National Drug Strategy
National Drug Strategy

Public Submission by Health Care Consumer's Association Incorporated - Draft National Tobacco Strategy 2010 - 2018

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Health Care Consumer's Association Inc
100 Maitland Street
Hackett ACT 2602
Phone: 02 6230 7800
Fax: 02 6230 7833
Email: adminofficer@hcca.org.au
ABN: 59 698 548 902

HCCA Submission on the Draft National Tobacco Strategy 2012-2018

26 June, 2012

Contact: Darlene Cox
Executive Director

Background

The Health Care Consumers’ Association (HCCA) of the ACT was formed over 30 years ago to provide a voice for consumers on local health issues and now provides opportunities for health care consumers in the ACT to participate in all levels of health service planning, policy development and decision making.
HCCA involves consumers through:
The HCCA is dedicated to the promotion of consumer-centred health care, which we believe can be successfully achieved through the application of five key principles:
1. Respect
2. Choice and empowerment
3. Consumer involvement in health policy
4. Access and support
5. Information

HCCA welcomes the opportunity to provide input into the Draft National Tobacco Strategy 2012-2018. We strongly support the initiative to reduce tobacco related harm throughout Australia and congratulate the National Drug Strategy on the progress that has already been made.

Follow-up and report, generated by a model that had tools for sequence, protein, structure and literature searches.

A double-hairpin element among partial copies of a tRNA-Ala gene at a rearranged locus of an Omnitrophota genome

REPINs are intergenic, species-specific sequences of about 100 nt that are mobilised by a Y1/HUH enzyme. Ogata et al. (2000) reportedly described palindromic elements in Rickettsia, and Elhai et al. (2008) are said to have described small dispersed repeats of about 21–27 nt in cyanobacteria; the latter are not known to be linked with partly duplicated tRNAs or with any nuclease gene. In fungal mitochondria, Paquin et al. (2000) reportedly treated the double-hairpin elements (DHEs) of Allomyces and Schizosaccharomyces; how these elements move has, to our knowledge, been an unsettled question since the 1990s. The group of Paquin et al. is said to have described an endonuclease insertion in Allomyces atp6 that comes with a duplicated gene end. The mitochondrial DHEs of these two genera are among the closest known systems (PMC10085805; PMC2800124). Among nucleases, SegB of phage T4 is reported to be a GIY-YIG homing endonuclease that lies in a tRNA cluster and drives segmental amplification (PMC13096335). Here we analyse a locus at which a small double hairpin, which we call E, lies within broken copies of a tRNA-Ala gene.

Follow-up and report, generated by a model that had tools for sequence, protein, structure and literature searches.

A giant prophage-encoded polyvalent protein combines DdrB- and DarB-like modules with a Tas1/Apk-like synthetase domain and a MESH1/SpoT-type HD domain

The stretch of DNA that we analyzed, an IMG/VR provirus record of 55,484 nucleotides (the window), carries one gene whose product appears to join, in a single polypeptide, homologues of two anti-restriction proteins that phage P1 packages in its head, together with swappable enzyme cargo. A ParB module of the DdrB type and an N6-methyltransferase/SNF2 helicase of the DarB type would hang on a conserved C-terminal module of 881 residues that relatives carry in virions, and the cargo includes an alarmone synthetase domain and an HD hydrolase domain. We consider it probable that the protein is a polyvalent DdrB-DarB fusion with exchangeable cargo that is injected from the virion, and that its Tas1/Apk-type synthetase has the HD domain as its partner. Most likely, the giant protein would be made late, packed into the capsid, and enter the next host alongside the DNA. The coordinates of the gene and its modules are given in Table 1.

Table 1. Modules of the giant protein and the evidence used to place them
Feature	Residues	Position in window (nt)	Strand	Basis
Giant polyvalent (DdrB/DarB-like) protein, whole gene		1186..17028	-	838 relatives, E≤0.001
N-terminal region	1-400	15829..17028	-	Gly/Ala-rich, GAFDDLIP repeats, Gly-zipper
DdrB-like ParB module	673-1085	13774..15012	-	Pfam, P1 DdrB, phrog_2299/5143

There are a number of key issues that the HCCA would like to see addressed in the NTS. While many of these issues are touched on in the draft NTS, it is important to ensure that sufficient measures are taken to fully address these significant areas.
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Key Issues

We believe it is imperative that strategy should incorporate ways to address the following key issues:
1. Support for smokers to quit no matter where they live in Australia - in cities or in rural or isolated communities.
2. Provision of programs, access and support to enable the poorest and most disadvantaged in our community to quit smoking.
3. Provision of a “Wrap Around” family strategy for both parents and grandparents of babies and young children to quit smoking together.
4. Individual support for people who wants to quit smoking.
5. Develop strategies to allow, or encourage, health professionals to:
This submission focuses on the need to develop strategies to provide more effective support to quit smoking for consumers in primary health care settings, especially pregnant women. Our case study, “Maria & Baby Jake”, illustrates how opportunities are missed, lost or ineffectively offered to assist a consumer to quit smoking. This case study has been included as an attachment with our submission. It is essential that supporting pregnant women to be able to quit smoking is conducted in an opportunistic, supportive, caring & non judgemental way. Addressing smoking rates amongst pregnant women is particularly important, as their smoking will affect not only their own health, but also their unborn child, their other children and family.